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November 27th, 2010 (Permalink)

"I have a right to my opinion."

Reader Patricia Heil asks: "How many times have you heard this when somebody reaches the end of their resources in a debate?" Many times! Whether the claim to such a right commits a fallacy depends upon the context in which it occurs, and there may be no one fallacy that every instance commits, nor in some cases any fallacy at all.

Daniel Patrick Moynihan is often credited with having said: "Everyone has a right to his own opinion, but no one has a right to his own facts." If the subject in dispute is a factual matter, rather than a matter of opinion then, according to the maxim, the person may not have a right to an opinion. However, if it is a matter of opinion, there are still a couple of fallacies that may be committed:

November 25th, 2010 (Permalink)


On this day of thanks, I want to acknowledge all of those who have supported The Fallacy Files since I last thanked you! A special thanks to those who have contributed by PayPal in recent months; this is the most direct way of supporting the site financially. Thanks also to everyone who went out of their way to click on a Google ad, or purchased something from Amazon through one of the site's links. Your support is appreciated!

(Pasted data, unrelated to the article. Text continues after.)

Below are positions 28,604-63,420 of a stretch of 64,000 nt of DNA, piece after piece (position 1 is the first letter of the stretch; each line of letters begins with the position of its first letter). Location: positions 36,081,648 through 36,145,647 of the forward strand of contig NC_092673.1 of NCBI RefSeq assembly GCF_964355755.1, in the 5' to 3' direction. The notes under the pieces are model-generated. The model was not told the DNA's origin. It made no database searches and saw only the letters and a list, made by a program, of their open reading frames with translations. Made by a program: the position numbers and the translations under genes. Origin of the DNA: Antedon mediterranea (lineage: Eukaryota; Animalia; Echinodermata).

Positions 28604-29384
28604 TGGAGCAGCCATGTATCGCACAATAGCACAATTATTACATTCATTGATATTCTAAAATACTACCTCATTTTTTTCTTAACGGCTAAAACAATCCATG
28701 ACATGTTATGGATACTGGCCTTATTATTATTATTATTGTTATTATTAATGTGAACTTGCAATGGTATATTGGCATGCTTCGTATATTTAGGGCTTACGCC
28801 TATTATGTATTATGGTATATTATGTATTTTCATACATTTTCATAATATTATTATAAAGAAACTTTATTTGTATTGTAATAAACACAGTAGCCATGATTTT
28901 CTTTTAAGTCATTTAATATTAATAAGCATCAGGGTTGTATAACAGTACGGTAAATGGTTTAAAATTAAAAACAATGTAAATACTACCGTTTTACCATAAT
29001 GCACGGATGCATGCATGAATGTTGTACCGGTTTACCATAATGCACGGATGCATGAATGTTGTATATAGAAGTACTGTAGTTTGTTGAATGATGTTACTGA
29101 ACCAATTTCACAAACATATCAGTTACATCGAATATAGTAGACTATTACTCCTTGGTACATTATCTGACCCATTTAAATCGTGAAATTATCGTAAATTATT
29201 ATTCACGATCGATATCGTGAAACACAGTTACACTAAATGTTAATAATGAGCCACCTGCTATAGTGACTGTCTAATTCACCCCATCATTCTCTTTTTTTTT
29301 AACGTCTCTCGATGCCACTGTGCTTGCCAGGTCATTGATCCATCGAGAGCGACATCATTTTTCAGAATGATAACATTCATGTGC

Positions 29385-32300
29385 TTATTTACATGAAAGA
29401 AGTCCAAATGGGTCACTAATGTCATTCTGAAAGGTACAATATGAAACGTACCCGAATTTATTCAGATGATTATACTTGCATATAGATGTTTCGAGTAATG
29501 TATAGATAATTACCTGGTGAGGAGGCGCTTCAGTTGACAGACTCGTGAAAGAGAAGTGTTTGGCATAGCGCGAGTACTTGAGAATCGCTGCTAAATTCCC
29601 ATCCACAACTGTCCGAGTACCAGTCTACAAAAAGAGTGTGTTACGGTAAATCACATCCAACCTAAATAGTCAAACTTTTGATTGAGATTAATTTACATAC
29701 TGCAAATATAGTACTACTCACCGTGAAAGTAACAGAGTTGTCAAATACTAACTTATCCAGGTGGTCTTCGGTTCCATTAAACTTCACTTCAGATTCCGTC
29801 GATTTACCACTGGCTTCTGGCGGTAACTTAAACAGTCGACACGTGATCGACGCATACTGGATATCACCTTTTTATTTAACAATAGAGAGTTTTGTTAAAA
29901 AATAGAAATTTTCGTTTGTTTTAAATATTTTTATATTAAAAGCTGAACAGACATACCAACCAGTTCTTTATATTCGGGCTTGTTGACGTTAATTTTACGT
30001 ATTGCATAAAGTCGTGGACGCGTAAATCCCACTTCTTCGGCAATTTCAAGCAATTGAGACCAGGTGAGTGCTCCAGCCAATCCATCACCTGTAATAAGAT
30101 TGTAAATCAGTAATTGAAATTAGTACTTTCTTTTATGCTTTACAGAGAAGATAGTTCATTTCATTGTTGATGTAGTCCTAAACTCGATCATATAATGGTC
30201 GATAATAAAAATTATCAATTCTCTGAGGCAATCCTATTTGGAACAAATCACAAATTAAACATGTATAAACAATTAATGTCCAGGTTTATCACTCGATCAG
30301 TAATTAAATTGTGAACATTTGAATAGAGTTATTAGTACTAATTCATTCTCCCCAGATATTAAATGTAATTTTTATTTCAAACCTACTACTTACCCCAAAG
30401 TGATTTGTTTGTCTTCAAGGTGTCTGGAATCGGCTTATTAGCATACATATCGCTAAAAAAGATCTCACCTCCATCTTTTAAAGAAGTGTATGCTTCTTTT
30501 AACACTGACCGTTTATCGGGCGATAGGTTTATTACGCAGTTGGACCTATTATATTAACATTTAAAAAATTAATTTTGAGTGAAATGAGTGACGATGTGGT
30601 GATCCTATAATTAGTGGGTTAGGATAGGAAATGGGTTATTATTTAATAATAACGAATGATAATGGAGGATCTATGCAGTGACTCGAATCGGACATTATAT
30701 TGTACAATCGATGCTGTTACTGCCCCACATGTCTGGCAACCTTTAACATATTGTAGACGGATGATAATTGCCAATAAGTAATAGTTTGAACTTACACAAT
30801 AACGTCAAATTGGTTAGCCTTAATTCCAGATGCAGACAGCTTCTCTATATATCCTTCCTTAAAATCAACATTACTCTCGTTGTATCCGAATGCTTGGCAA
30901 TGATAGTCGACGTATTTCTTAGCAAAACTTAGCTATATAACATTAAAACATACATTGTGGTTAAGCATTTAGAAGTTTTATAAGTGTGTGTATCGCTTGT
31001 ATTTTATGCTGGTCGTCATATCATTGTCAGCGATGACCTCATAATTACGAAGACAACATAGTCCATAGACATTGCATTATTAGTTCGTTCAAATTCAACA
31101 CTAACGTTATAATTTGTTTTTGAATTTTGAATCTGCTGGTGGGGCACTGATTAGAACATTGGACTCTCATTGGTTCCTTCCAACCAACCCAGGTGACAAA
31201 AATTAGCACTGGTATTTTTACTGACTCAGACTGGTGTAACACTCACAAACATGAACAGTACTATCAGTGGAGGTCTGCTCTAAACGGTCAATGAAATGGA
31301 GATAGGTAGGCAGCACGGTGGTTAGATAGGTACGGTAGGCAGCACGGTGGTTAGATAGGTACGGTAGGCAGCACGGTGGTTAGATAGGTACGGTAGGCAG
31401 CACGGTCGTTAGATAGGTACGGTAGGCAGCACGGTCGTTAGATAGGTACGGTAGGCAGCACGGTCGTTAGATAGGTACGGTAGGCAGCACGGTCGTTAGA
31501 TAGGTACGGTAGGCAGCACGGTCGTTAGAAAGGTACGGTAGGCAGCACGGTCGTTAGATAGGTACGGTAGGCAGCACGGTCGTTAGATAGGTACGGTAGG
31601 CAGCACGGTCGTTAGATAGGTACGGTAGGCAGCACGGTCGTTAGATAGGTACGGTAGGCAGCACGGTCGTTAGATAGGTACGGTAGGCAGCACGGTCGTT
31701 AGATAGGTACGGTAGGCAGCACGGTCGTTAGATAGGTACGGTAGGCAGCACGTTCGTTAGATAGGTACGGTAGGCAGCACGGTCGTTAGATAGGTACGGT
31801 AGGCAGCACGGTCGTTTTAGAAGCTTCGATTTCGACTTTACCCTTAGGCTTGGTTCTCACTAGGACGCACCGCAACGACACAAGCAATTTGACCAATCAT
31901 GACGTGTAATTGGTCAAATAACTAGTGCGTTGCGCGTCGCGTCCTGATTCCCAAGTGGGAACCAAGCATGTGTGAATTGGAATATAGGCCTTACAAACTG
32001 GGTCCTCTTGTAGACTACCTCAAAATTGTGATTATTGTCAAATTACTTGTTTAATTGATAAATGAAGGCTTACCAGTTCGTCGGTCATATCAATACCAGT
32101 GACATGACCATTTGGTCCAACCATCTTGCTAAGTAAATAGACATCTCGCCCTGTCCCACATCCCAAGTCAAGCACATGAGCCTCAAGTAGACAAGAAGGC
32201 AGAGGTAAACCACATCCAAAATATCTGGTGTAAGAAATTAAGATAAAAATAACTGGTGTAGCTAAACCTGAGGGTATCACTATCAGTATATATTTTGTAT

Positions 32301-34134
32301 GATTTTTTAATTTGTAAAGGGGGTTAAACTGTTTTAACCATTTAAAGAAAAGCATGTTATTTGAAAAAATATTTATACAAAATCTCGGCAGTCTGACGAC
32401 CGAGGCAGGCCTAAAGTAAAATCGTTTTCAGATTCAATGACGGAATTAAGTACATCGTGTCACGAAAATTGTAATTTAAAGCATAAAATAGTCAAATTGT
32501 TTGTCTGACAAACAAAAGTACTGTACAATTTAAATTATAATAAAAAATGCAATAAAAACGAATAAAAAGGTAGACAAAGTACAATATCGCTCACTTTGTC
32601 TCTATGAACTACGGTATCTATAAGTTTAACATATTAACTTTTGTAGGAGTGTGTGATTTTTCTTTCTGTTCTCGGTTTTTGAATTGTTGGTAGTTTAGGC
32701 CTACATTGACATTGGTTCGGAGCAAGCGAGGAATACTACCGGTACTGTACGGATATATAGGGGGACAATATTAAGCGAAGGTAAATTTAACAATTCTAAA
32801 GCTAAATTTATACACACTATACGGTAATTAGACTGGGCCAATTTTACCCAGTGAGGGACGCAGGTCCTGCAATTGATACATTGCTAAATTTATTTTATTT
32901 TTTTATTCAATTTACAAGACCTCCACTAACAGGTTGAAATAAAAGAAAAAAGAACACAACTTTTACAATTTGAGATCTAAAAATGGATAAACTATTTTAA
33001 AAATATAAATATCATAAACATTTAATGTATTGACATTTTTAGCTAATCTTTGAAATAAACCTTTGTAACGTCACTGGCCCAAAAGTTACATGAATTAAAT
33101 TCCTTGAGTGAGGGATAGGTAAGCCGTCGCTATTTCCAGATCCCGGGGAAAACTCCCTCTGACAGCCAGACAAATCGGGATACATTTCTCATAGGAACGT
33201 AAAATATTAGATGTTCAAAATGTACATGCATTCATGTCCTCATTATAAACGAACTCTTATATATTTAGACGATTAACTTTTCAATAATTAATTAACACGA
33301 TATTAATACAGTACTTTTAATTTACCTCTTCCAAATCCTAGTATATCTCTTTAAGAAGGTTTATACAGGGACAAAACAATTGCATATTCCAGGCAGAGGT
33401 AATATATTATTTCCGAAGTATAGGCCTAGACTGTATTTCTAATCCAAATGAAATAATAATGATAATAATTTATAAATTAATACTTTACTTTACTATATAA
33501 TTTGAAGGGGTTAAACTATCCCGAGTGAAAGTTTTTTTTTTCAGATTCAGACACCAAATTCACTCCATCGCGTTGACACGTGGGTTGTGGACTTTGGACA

Update (1/15/2010): The Fallacy Files is no longer an Amazon Associate.

November 18th, 2010 (Permalink)

How Not to Do a "Back of the Envelope" Calculation

Note: This is a follow-up to the entry below titled "BOTEC" (scroll down if you want to read it first), but I think it's interesting enough in its own right to merit a separate entry.

Thanks to the miracle of the internet, I was able to find the study that appears to be the origin of the "100,000 beer commercials by 18" claim (see the Source, below). The study was done for the American Automobile Association's Foundation for Traffic Safety, and apparently published by them as a booklet rather than appearing in a peer-reviewed journal.

Now, the AAA are "good guys" and traffic safety is a good cause―I, for one, am willing to go on record as favoring traffic safety―but it is an interest group, and the study is thus advocacy research. This is not to say that it mightn't be completely correct, but it isn't unbiased and should be treated with caution.